Talking about wine is a cliché. It’s conventional wisdom’s fault, as wine is mentioned in several popular sayings, such as in the small barrel there’s good wine. There’s good Primitivo wine. Actually, the barrel does affect the final product, beyond imagination and regardless of its dimensions.
It’s true that the history of French wines – and, as a consequence, of all wines in Europe – is paved by barriques, démi-barriques, and tonneaux. In France, some have even tried to create their own unit of measurement, trying to replace the standard capacity of barrels. Try not to get lost among all the different barrel capacities, from Bordeaux to Burgundy or to those in the Champagne region.
These are undoubtedly fascinating tales, but rather than focusing on the finger that is pointing, one should focus on what it’s pointing at: the moon. And in this case, the moon is the type of wood.
Primitivo wine: from American forests to the esplanades of Salento
The initial research behind our Premium Primitivo Salento I.G.T. of our Alessandro Berselli – Signature Collection line, for example, was focused on this premise. Because it’s the quality of the wood that marks the aromas of Primitivo wine.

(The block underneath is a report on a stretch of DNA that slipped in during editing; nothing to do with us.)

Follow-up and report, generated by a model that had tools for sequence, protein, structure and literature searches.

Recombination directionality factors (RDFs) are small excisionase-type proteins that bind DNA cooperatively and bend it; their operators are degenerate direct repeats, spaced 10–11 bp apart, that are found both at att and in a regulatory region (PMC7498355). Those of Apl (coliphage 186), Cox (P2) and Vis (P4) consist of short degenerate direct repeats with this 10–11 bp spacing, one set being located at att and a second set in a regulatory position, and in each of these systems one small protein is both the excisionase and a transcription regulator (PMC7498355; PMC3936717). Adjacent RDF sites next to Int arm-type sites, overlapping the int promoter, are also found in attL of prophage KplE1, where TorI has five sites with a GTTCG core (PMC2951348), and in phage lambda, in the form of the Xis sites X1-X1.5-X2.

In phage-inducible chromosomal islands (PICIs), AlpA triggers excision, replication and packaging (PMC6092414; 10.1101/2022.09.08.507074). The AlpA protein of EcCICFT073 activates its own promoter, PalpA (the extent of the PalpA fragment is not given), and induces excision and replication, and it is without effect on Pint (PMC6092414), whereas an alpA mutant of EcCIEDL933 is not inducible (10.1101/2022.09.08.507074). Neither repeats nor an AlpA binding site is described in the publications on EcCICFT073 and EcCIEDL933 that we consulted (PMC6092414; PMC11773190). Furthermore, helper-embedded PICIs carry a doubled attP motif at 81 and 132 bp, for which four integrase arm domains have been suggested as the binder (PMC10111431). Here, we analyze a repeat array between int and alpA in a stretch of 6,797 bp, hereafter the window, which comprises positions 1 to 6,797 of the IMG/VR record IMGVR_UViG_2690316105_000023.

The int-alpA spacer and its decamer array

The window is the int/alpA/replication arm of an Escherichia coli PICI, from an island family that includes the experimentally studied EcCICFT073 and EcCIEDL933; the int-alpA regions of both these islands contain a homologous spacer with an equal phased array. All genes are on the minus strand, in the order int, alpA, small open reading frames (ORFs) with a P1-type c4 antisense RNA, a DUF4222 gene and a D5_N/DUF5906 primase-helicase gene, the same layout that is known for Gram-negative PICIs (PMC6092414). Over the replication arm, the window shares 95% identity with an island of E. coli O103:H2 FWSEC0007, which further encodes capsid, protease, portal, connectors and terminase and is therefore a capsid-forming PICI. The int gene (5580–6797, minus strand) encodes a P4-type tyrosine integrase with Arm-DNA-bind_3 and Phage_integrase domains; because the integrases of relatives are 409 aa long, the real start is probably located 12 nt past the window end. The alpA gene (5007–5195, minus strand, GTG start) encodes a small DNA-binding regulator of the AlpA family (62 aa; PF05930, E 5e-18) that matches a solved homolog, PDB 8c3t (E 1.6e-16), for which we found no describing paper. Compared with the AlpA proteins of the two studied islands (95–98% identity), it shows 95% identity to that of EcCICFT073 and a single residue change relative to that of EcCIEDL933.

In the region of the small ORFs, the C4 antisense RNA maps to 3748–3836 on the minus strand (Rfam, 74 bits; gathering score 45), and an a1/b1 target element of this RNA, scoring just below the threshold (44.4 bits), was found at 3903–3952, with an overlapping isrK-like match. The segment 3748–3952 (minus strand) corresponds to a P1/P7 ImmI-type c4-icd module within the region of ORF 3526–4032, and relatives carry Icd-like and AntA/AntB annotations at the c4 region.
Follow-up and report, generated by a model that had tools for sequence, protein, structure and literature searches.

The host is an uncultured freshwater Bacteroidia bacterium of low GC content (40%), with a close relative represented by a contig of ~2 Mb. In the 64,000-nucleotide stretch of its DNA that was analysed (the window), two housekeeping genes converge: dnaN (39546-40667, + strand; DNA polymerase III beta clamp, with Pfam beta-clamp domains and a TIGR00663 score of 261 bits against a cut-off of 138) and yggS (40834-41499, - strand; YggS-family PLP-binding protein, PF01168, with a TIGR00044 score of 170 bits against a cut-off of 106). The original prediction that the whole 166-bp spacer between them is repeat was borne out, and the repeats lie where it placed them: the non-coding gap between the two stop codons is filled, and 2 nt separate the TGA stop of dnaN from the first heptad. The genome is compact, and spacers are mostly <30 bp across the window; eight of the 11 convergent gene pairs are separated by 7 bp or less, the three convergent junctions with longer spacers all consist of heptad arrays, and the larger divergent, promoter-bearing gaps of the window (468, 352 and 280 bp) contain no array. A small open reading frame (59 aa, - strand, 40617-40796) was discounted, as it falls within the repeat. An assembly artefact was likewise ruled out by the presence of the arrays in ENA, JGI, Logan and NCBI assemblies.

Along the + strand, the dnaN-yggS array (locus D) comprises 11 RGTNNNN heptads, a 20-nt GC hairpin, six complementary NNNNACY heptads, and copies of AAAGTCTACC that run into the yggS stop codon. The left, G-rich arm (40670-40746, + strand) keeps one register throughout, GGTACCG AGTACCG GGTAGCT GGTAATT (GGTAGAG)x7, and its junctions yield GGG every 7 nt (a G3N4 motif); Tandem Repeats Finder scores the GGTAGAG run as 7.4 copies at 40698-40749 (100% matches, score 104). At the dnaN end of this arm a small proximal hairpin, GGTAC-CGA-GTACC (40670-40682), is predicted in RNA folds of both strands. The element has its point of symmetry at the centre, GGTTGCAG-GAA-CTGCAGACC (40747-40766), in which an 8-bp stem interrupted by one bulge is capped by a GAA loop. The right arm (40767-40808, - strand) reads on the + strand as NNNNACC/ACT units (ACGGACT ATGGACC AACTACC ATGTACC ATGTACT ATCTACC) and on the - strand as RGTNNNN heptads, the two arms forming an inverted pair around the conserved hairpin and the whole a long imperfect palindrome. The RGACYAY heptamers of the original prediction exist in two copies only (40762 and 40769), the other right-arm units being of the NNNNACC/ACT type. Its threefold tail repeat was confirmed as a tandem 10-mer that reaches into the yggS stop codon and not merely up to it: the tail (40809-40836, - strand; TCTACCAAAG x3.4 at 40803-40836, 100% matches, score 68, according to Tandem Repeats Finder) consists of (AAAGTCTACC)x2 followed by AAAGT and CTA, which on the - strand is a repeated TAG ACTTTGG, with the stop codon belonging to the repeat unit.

To give this Salento wonder a hint of smoke, between dark chocolate and coconut, our winemakers – after years of research – have come to the conclusion that there’s nothing better than American barrels. It’s as if Americans, champions of barbeque, had already foreseen the consumption of aged wine in wood barrels. It’s not exactly a hint of smoke, it’s more so a scent of grilled, the memory of mustard. It’s already present in the wood, then the wood gets transferred to the wine, which then is perfectly paired – almost like a perfect osmosis – with tasty grilled meats.
American forests in the esplanades of Salento. The oak barrels cross the Atlantic and they stop right before the Ionian Sea. They saw the snow and they remember it.
This is how good Primitivo wine of the autumn dilutes its late summer heat.